Concerning the materials of seditions. It is a thing well to be considered; for the surest way to prevent seditions (if the times do bear it) is to take away the matter of them. For if there be fuel prepared, it is hard to tell, whence the spark shall come, that shall set it on fire. The matter of seditions is of two kinds: much poverty, and much discontentment. It is certain, so many overthrown estates, so many votes for troubles. […]The causes and motives of seditions are, innovation in religion; taxes; alteration of laws and customs; breaking of privileges; general oppression; advancement of unworthy persons; strangers; dearths; disbanded soldiers; factions grown desperate; and what soever, in offending people, joineth and knitteth them in a common cause.
For the remedies; there may be some general preservatives, whereof we will speak: as for the just cure, it must answer to the particular disease; and so be left to counsel, rather than rule.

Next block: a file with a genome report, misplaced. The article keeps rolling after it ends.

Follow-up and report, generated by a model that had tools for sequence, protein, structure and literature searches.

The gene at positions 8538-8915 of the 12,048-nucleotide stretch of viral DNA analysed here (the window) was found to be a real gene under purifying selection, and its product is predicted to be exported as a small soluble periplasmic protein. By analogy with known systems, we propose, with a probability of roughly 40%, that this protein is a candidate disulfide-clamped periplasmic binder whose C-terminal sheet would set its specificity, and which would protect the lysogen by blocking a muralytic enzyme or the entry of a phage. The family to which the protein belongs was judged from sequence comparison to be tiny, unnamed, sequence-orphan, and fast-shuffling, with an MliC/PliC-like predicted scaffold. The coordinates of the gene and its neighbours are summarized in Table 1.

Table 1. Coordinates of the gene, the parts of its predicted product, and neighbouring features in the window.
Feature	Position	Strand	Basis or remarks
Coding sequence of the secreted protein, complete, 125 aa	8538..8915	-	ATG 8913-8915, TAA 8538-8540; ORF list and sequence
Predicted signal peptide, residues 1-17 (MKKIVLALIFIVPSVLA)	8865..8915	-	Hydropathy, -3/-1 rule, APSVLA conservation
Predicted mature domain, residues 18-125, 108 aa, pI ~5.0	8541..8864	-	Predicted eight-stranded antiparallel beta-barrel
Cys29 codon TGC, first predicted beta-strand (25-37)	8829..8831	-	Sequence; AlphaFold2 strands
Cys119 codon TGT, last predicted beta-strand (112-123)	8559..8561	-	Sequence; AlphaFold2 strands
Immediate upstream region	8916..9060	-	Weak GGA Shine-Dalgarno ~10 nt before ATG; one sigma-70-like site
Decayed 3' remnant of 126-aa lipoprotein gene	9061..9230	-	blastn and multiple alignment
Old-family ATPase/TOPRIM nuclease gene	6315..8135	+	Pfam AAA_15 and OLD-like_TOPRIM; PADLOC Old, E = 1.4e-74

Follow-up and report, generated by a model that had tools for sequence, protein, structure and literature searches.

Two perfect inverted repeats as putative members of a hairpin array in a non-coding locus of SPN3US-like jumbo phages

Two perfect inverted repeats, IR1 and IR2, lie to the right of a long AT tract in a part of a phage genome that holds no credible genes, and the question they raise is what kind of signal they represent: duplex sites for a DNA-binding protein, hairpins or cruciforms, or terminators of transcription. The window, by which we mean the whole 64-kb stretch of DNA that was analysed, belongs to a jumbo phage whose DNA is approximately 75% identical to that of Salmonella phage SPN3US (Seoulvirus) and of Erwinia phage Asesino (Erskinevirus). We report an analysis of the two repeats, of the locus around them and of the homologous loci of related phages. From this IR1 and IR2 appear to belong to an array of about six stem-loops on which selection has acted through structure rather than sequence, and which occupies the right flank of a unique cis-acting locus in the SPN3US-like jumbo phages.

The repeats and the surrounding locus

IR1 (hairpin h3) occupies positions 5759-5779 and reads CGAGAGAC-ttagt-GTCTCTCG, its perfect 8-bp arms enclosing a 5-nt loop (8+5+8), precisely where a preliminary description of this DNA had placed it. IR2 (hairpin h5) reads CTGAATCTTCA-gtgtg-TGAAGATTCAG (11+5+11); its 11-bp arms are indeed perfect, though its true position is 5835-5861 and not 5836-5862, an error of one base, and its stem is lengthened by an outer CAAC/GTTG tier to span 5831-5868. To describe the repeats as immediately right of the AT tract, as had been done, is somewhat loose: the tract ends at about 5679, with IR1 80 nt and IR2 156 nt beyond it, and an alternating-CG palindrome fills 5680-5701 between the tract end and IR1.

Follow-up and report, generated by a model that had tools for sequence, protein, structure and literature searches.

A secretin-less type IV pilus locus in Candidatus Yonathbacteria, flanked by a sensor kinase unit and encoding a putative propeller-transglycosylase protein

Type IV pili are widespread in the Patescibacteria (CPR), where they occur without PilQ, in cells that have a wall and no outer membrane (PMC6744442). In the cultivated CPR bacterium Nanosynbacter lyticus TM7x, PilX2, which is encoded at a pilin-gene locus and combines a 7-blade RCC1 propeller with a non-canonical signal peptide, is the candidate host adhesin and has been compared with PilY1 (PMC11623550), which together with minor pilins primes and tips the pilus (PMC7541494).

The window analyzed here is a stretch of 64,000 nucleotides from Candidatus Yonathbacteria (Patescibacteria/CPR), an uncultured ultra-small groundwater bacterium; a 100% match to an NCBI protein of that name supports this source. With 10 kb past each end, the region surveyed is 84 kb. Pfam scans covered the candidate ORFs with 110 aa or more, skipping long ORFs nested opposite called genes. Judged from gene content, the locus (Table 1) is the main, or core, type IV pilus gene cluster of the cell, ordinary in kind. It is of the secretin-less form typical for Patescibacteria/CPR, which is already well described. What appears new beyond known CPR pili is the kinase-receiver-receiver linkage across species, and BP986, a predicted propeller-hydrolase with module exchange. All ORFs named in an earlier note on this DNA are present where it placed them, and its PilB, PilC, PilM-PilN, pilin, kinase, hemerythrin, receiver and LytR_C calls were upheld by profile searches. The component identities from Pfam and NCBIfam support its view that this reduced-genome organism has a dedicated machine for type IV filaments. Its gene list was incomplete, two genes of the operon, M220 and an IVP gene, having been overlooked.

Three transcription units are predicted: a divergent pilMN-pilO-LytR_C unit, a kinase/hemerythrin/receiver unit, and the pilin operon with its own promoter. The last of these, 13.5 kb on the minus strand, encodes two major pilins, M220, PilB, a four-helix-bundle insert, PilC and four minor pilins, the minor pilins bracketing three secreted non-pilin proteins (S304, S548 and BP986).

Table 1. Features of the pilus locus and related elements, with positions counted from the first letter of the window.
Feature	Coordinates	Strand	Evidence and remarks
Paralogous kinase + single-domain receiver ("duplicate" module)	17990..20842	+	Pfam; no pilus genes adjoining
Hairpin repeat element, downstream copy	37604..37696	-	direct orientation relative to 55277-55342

The first remedy or prevention is to remove, by all means possible, that material cause of sedition whereof we spake; which is, want and poverty in the estate. To which purpose serveth the opening, and well-balancing of trade; the cherishing of manufactures; the banishing of idleness; the repressing of waste, and excess, by sumptuary laws; the improvement and husbanding of the soil; the regulating of prices of things vendible; the moderating of taxes and tributes; and the like. Generally, it is to be foreseen that the population of a kingdom (especially if it be not mown down by wars) do not exceed the stock of the kingdom, which should maintain them. Neither is the population to be reckoned only by number; for a smaller number, that spend more and earn less, do wear out an estate sooner, than a greater number that live lower, and gather more. Therefore the multiplying of nobility, and other degrees of quality, in an over proportion to the common people, doth speedily bring a state to necessity; and so doth likewise an overgrown clergy; for they bring nothing to the stock; and in like manner, when more are bred scholars, than preferments can take off .
Who wrote this? An important lesson nay, warning is hidden somewhere in these passages. What and where can you find this?
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